The implementation of smart technology is accelerating, in part because of the global pandemic, organizers of an online press conference on smart manufacturing in Taiwan said today.
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The concept of the digital twin in A&D was born in the 1970s, when NASA began employing full-scale virtual mock-ups of space capsules to forecast the performance of machines in outer space.
Composite materials consist of fibers—in the aerospace industry, they are typically glass, carbon or kevlar—suspended in a matrix of epoxy resin.
Tacoma, Washington-based Tool Gauge manufactures precision metal and plastic components and assemblies for the aerospace industry.
Solid-carbide round tools have seemingly been around forever; before them, high-speed steel (HSS) tools ruled the roost, and after them a growing selection of alternative processes like indexables, EDM, waterjet and now additive manufacturing emerged as competition.
Risk-management technology is beginning to help manufacturers cope with the supply-chain upheaval caused by the COVID-19 pandemic, said Thomas Derry, CEO of the Institute for Supply Management: “We are a lot better at managing risk than even 10 years ago.”
IIoT expert Steve Jones who will speak Oct. 29 at “The Best of SMX” (smxevent.com), describes in detail the Industrial Internet of Things (IIoT), as well as AI/machine learning and other promising technology for manufacturing’s future. Like with many things in life, it is important to set goals first, the Steelcase executive says. Not sure where to begin with IIoT? Never fear: Jones has the answer.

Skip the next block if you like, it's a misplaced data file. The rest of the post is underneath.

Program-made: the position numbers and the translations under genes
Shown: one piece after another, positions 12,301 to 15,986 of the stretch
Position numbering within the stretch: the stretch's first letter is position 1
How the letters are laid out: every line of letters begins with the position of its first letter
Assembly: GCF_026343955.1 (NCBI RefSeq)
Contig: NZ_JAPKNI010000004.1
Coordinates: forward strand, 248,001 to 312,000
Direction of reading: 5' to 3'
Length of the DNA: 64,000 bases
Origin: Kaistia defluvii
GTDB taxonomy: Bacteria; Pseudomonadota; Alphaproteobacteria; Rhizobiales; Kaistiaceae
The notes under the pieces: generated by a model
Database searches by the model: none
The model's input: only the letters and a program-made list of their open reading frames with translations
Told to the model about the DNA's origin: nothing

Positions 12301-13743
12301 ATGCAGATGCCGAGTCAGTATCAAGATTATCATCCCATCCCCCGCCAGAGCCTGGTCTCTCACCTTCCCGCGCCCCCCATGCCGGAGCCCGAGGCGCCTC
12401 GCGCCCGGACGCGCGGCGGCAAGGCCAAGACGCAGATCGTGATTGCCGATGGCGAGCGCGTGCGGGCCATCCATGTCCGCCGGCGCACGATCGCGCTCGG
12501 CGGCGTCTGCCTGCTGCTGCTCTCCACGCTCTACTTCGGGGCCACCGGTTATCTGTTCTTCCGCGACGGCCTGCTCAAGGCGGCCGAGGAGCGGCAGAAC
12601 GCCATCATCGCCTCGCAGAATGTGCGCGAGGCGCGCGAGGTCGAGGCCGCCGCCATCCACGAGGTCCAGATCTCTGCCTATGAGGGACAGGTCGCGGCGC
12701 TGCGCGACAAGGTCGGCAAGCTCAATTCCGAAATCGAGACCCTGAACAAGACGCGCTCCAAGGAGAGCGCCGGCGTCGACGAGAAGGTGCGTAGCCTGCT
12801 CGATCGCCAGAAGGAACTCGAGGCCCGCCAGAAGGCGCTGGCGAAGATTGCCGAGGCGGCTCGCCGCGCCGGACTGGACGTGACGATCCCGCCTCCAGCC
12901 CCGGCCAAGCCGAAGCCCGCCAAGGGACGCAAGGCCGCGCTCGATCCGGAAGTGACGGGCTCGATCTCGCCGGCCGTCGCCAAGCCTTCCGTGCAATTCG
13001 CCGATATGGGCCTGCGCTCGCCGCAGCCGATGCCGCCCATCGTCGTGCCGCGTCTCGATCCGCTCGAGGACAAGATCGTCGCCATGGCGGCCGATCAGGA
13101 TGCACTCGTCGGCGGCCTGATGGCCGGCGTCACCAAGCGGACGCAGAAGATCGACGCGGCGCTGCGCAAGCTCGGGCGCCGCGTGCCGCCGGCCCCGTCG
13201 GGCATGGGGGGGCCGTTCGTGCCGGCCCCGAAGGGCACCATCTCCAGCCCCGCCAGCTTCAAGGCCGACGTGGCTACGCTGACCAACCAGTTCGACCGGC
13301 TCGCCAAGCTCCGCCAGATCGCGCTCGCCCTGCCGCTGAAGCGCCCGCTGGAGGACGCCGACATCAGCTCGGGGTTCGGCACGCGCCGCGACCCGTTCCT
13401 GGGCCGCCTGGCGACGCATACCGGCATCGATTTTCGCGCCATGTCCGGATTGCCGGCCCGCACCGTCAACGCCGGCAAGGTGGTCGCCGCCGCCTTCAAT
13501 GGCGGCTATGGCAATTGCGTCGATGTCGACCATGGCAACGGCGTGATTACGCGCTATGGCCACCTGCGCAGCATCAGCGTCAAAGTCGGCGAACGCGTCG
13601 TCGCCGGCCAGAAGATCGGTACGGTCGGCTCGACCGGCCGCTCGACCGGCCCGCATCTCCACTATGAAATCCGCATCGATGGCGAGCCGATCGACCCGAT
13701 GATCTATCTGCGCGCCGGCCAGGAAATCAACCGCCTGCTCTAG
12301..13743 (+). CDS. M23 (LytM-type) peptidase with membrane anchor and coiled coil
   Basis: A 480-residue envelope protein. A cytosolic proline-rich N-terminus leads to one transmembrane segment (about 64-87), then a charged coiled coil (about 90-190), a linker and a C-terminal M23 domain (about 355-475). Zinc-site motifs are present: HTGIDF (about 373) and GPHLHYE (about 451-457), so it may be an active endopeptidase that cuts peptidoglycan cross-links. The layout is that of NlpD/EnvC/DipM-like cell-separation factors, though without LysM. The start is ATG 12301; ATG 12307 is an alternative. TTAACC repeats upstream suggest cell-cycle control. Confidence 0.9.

Listen to this Smart Manufacturing magazine article: Pandemic makes case for more automation, robotics. Outbreak poised to prompt changes in the way manufacturers use automation.
Craig Zoberis and Davin Erickson detail how Fusion OEM discovered and implemented collaborative robots, or cobots. The company is now investing in future expert machinists by using cobots—and making headway in closing the manufacturing industry skills gap. They explain the phases of training for cobots, as well as how cobots “talk” with other machines—and how machines perform “handshakes” (and are therefore envied by humans who today are struggling with social distancing).
Diego Tamburini, principal industry lead for manufacturing in the cloud + AI division of Microsoft, reviews the impact of the COVID-19 crisis in manufacturing. He shares his thoughts about how the industry should respond—and lists the attributes of manufacturers best positioned to survive the crisis. Finally, he outlines new opportunities for developers of smart manufacturing software solutions under the “new normal.”